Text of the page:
First: A Million Prayers

What do you do when you discover that your enemies have passed a law aimed at one person, and you are that person? How you respond at that point tells a great deal about your character. Daniel 6:10 reveals the secret of his greatness: “Now when Daniel learned that the decree had been published, he went home to his upstairs room where the windows opened toward Jerusalem. Three times a day he got down on his knees and prayed, giving thanks to his God, just as he had done before.”

Note the last phrase – “just as he had done before.” For perhaps 85 years, Daniel had prayed three times a day. Perhaps it was 7:00 a.m., 12 noon, and 5:00 p.m. Each day was always the same. Wherever he was, he stopped to pray. Like clockwork, his daily routine revolved around three times of prayer. If he had a business trip to some remote province, he never varied. If he had a few days of vacation, it was the same. You could set your watch by his prayer times.

I did the math and asked myself, “How many times would Daniel have prayed if he prayed three times a day for 85 years?” The answer comes out to over 93,000 prayers. A million prayers! No wonder he simply went back to his room and started praying. An 85-year habit is hard to break. For him, prayer was like breathing. He wasn’t about to stop praying just because some snot-nosed satraps threatened his life. So when they tricked King Darius into signing the 30-day law, Daniel just went ahead with his daily routine. No big deal. He went home, knelt down, faced toward Jerusalem, and offered his prayers to his God. He did it knowing that his adversaries would catch him.

Lest it be thought a small thing to pray three times a day, consider this. At Elmer Presbyterian we have 60-70 people who attend each Sunday. Suppose each of us decided to pray three times a day. That would total about 1 million prayers offered to God by our congregation in a little bit over 15 years. Remember who Daniel is. He’s one of the top three men in the Medo-Persian Empire. No doubt he had a plate full of heavy responsibilities. Yet he still had time to pray three times a day. If you stop praying, the world will stop bothering you. The lions won’t come near you. Your family will finally think you are normal again. The lions win when we are silent. The great mark of true faith is that we keep praying.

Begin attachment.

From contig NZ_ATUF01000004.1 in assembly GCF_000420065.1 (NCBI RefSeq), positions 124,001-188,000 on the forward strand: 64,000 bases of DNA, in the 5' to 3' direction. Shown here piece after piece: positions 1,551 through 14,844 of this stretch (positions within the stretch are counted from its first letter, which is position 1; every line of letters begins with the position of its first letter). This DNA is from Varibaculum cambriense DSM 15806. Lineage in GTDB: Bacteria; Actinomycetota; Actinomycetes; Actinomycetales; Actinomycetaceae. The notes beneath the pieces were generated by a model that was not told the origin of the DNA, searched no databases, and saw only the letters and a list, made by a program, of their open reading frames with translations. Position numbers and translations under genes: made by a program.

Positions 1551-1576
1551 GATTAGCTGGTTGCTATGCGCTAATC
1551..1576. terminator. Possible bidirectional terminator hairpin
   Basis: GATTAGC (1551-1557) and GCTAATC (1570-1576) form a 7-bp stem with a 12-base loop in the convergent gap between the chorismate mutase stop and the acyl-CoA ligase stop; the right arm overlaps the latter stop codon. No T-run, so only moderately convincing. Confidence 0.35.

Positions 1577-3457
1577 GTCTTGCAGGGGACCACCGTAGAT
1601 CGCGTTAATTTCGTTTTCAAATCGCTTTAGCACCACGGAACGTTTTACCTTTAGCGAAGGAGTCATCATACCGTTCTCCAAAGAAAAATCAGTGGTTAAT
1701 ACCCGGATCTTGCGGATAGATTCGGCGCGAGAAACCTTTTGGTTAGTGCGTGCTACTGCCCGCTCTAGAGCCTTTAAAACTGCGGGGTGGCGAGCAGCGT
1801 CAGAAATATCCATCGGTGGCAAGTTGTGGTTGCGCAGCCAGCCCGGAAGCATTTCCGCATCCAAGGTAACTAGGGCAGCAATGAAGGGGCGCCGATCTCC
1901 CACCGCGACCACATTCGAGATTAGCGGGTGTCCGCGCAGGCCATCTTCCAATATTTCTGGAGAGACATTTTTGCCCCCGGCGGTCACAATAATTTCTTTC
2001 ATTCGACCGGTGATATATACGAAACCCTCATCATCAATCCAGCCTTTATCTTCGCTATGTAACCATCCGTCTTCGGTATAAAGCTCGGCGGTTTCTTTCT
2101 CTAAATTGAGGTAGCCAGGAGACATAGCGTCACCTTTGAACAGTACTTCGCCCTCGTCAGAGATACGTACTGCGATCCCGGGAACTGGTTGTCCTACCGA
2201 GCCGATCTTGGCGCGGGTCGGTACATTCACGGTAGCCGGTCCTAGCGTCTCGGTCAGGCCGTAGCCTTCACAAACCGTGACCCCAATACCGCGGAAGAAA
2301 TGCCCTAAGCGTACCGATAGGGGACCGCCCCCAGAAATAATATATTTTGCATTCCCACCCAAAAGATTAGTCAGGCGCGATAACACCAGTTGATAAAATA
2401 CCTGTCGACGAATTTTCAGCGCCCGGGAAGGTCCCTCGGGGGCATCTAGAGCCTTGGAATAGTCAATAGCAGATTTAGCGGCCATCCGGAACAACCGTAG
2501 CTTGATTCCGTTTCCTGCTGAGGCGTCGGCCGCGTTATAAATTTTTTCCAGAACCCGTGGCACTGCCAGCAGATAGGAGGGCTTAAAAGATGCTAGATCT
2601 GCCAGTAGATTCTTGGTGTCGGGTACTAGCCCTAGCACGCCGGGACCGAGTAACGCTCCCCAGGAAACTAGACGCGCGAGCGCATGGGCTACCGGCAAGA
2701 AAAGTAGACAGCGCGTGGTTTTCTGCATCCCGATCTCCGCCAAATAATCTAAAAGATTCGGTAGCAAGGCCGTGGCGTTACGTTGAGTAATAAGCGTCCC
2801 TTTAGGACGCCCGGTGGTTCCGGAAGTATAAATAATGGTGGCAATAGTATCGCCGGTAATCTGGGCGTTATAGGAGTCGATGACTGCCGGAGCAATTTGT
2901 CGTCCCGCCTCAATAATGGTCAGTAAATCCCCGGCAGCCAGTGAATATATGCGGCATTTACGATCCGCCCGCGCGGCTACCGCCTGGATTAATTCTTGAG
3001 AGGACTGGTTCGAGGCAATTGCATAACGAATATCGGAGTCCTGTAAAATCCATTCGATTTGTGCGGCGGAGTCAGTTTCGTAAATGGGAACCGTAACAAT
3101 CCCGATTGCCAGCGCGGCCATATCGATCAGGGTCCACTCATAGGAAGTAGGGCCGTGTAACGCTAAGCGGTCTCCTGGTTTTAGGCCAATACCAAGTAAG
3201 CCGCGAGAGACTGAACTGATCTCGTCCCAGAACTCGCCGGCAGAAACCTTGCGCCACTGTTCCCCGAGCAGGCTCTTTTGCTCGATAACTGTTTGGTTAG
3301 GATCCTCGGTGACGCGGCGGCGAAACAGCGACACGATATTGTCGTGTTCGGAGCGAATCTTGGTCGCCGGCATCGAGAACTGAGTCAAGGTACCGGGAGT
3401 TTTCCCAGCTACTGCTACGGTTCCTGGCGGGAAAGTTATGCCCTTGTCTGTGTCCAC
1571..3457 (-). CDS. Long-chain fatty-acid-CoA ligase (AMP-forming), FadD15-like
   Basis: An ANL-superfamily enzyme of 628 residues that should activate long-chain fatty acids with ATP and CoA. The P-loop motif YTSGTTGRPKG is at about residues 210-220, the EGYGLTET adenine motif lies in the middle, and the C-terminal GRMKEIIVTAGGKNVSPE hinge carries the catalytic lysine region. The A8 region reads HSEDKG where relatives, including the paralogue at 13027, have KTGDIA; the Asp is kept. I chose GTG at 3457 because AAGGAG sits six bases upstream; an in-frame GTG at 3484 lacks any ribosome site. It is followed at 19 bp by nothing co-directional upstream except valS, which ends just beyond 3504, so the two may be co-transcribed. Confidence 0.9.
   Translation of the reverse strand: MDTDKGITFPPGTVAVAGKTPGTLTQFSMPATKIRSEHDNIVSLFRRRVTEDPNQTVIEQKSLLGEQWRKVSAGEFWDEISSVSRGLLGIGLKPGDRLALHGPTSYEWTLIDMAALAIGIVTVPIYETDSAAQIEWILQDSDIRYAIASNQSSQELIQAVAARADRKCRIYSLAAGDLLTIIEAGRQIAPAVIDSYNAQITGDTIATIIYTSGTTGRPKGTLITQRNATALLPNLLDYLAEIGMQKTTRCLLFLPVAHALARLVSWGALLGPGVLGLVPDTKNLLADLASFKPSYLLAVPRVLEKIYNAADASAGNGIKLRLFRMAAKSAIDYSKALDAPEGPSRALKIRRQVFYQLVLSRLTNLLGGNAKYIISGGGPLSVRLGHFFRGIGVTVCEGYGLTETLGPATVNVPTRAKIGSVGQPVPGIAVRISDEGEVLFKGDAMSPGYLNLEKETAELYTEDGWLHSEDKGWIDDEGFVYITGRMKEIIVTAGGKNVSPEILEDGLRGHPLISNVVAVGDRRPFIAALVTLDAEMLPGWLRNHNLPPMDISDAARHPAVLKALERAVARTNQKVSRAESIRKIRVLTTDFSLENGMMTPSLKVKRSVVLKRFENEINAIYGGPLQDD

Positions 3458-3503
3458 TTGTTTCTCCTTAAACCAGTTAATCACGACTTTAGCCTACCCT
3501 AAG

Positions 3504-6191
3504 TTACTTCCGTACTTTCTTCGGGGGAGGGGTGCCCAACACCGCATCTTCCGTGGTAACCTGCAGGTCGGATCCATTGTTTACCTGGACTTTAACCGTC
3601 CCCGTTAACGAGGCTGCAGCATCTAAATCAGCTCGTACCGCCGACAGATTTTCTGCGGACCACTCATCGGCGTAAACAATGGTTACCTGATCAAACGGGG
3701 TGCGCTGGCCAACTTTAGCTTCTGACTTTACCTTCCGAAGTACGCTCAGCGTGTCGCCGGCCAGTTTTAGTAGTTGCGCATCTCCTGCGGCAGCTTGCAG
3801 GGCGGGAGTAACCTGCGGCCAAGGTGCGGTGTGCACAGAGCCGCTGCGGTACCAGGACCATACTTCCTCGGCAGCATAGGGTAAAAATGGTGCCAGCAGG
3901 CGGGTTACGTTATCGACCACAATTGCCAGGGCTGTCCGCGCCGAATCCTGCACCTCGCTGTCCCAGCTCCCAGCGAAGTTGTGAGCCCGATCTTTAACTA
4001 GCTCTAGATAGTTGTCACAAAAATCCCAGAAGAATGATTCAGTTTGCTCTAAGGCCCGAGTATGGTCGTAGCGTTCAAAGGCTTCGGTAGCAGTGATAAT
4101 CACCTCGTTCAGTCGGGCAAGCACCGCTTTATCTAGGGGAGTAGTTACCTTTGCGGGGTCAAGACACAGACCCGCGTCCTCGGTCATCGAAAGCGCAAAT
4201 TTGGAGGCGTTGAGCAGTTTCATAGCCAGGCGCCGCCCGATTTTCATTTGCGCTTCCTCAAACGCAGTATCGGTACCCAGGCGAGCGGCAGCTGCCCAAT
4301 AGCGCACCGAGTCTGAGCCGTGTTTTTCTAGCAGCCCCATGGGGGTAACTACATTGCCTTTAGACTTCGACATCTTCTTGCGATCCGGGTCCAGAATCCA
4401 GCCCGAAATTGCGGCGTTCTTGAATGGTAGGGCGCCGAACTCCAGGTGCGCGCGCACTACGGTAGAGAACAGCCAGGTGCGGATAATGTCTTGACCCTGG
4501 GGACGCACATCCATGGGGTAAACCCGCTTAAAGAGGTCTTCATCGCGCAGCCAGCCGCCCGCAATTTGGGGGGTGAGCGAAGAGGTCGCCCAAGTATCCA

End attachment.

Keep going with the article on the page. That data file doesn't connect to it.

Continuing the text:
Second: The Steadfastness of Daniel’s Faith

Daniel reminds us that it is possible to live a pure life in the midst of a thoroughly pagan world. Daniel’s story demonstrates that if you make up your mind (or “purpose in your heart”) to serve God, you can do it even in the very center of pagan government. Daniel was determined to stand for that which was right simply because it was right. He was determined to stand for the Lord regardless of the consequences. Daniel was determined to remain faithful whatever the cost, and for Daniel, the cost would be very high. Friends, the church would be a vastly different place today if church members had the same kind of commitment to the things of God that Daniel had. We allow everything in the world to come between us and our faithfulness to the Lord. Look at Sunday morning worship and how it has become an optional activity for the modern church member. Many are willing to sacrifice their commitment to the Lord on the altar of convenience, pleasure and worldly ambition. Pray that God may raise up some Daniels in our day. Pray that God may gives us some men and women who would settle for nothing less than absolute obedience to the will of God for their lives. “Be faithful unto death,” the Scriptures teach us. There is always a way to compromise for those who want to compromise. And there is always a way to obey God for those who want to obey God.

Let me conclude this sermon on a high note; a great truth that we also encounter in Daniel chapter 6. God can and God will use us to touch unlikely people when we are faithful to Him. Daniel chapter 6 emphasizes the powerful effect that Daniel’s personal integrity had on King Darius. While it is true that many of his colleagues envied Daniel and plotted to kill him, it’s also true that he made a huge impact for good on the mightiest man in the world. Daniel 6:26-27 states, “Then Darius offers public praise to the God of Daniel who is the living God who endures forever. He rescues and he saves, and he is the One who delivered Daniel from the power of the lions.” What amazing words coming from the lips of a pagan king. Or perhaps he is a pagan no more. Perhaps like Nebuchadnezzar he became a believer in the one true God. We won’t know for sure until we get to heaven, but I would not be surprised to see Darius there. We never know who is watching us or what they are looking for, but this story teaches us that a small minority of God’s faithful people can make a huge difference in the largest empire. For every satrap out there planning our downfall, there is a Darius keeping an eye on us, hoping that our faith may prove to be genuine. May be some Darius has his eyes on you right now. Be careful about what you do and say. Your example may be leading someone to heaven, or through carelessness you may be leading them in an entirely different direction. Daniel never made a big splash in Babylon, he just lived out the genuineness of his faith. May we all become modern-day Daniels. To God be glory in the church and in Christ Jesus throughout all generations, for ever and ever! Amen!